BROWN-PHILPOT: I looked around and I was in an office, two floor-to-ceiling windows. My dog at the time was there, had his own bed. I had a table. I had a couch. I had an assistant. I had everything that most people dream of in a corporate job, and I felt like my work wasn’t done. I said, “I’ve got to go do something else that grabs at my heart, in a way that is going to allow me to accomplish more.”
HOFFMAN: As luck would have it, she met Leah Busque. Leah was the founder of TaskRabbit. And she was searching for a new Chief Operating Officer. Stacy had tried the service out and loved it. In 2013, she joined TaskRabbit.
BROWN-PHILPOT: I’m a mission-minded person. We talk a lot in Silicon Valley about missionaries and mercenaries, and I’m definitely in the missionary bucket. Google’s mission to organize the world’s information was… “Wow, that’s huge. I could do that for the rest of my life.”
But TaskRabbit’s mission around revolutionizing everyday work really grabbed me, and it brought me back home to Detroit. It brought me back to the people who were good, hard-working people who lost their jobs because of the failure of an entire industry, who couldn’t find work but had strong work ethics, and here’s this great little app that is doing that.
HOFFMAN: When Stacy joined TaskRabbit, it was a website and app where anyone can hire — and be hired — to take on simple and not-so-simple tasks.
BROWN-PHILPOT: TaskRabbit was eBay for services when I joined. Anybody can do anything, get anything that they want.
HOFFMAN: And what did they want? Let us count the ways.
There are the obvious tasks: scrubbing grime off the stove so you can get your security deposit back. Helping move that ugly, heavy dresser out of sight into a spare room.
But use your imagination for a moment. Because your imagination is the only limiting factor here. How about:
No, I’m not making any of those up. They have all appeared on TaskRabbit, and they’ve all been completed by “Taskers,” as their freelance, all-purpose workers are affectionately known. I couldn’t resist asking Stacy about the strangest task she’s seen a Tasker be tasked with.
BROWN-PHILPOT: It was the “Impersonate my best friend at the birthday party.” This got coverage in L.A. on TV, and it’s no shock, it’s like L.A., right?
HOFFMAN: No, you didn’t mis-hear that. A tasker was hired to attend a birthday party, and convincingly impersonate the guest of honor’s best friend. We tracked down that Tasker. Her name’s DaVette See.
DAVETTE SEE: So, I guess my most famous task, the one most people know about, is the time I was hired to impersonate someone at their friend’s birthday party. That was pretty crazy.
So Riss hired me to go to Holly’s birthday party as Riss. Because Riss couldn’t make it, that was Riss’ answer was to send somebody as her, as Riss. I mean, there was no hesitance on my part. Once I read it I was like, “This was custom-made for me.” We didn’t look anything alike. There’s like a 20-year gap in age, there’s a race difference, I’m black, she’s not.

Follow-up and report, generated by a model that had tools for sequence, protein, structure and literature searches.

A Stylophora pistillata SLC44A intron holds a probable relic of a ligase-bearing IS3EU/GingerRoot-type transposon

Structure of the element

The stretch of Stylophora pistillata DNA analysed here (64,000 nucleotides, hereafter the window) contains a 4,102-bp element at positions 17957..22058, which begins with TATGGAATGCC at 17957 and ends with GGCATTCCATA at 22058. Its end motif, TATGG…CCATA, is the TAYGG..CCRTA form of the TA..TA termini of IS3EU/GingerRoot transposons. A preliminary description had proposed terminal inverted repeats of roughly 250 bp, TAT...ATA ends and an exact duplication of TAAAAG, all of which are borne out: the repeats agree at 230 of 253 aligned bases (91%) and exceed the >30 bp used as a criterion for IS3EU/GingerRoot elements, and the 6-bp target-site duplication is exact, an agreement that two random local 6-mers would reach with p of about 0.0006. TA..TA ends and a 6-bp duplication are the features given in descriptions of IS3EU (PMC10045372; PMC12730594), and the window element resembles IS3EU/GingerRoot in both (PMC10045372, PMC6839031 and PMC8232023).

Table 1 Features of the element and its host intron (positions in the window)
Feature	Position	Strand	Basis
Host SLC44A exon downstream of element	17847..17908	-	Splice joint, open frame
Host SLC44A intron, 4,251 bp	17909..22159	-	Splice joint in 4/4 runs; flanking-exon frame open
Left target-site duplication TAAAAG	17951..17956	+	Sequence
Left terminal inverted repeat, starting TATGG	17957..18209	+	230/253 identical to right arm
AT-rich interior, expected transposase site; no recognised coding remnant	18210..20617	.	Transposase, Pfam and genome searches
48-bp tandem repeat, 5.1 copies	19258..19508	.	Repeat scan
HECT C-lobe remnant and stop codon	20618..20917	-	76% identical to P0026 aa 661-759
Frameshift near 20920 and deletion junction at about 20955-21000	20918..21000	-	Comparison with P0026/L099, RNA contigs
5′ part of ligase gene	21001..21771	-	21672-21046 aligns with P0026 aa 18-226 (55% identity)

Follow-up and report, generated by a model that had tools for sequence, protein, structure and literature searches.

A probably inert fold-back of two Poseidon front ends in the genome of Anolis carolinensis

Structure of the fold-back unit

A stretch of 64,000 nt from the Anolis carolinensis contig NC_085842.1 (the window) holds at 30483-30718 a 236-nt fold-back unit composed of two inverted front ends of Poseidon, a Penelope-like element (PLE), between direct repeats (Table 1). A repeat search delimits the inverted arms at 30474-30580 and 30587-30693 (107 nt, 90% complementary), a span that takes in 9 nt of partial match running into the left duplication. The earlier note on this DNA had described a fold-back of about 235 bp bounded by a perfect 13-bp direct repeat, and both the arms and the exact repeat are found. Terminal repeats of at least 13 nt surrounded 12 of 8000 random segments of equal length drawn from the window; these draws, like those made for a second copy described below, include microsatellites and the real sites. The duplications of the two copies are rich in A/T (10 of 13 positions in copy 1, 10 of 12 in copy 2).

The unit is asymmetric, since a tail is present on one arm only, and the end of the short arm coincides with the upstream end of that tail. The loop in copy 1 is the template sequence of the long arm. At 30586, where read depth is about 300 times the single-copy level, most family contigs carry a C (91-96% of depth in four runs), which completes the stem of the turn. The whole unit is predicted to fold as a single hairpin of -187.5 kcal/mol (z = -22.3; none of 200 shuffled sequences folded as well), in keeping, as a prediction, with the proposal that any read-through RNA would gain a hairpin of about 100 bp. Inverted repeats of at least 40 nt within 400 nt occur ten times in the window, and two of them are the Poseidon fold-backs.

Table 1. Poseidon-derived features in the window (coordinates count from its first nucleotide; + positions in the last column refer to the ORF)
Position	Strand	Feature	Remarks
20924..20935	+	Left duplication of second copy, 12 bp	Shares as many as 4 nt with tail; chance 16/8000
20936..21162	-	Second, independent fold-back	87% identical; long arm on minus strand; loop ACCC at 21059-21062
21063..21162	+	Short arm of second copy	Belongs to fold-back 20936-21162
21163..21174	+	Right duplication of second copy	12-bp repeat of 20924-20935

So, there was another friend and she was going to be the one who called me by Riss’ name when I walked in. The friend announced, it’s like, “Oh, Riss, I’m so glad you could make it.” And I said, “Yeah, surprise.” And then there was just this moment of shock and then there was just laughter because it was just the kind of thing Riss would do apparently.
HOFFMAN: TaskRabbit sounded like a blast right? For clients, it was like having a digital genie in your cell phone who could make all your wishes come true. For Taskers like DaVette, it meant every day was an adventure.
But the freewheeling system had severe limitations. Taskers had to go through this bidding process for every task. Many found themselves in a race to the bottom to offer the cheapest prices.
CLIENT VOICE: All right everyone, I got this prize piglet here that needs some serious washing. Now, he’s pretty squirmy, very dirty, and he doesn’t like strangers very much. Oh, and you’re gonna have to catch him yourself.
TASKER 1: I’ll do it for $20!
TASKER 2: Pass that porker to me – I’ll clean him for $15!
TASKER 3: I’ll do it for $10. I’ll even dress him in one of Weird Al’s shirts, left over from my last job. No extra charge!
HOFFMAN: This bidding system, which could be such a source of excitement for some, was exhausting to others. It took too much time to go through all those bids and choose a winner. And the open-ended, “anything goes” framework set many clients up for disappointment.
BROWN-PHILPOT: Fifty percent of the people had a bad experience, and they told 10 times more people than the people who had a good experience. That just wasn’t going to work for the long term.
HOFFMAN: A 50/50 chance that each of your new customers will have a bad experience? You don’t need to be a master mathematician or a master of scale to know that’s bad news. To fix the system, Stacy and her team would need to re-think how TaskRabbit worked. They came up with a plan.
The types of tasks people could offer were narrowed to four categories: handyman work, home cleaning, moving help, and personal assistant. Taskers could set when, and where, and how they wanted to work. They could specify their hourly rates. No one could charge below a minimum rate. And no longer would they have to anxiously check their phones in case they were outbid on a potential task.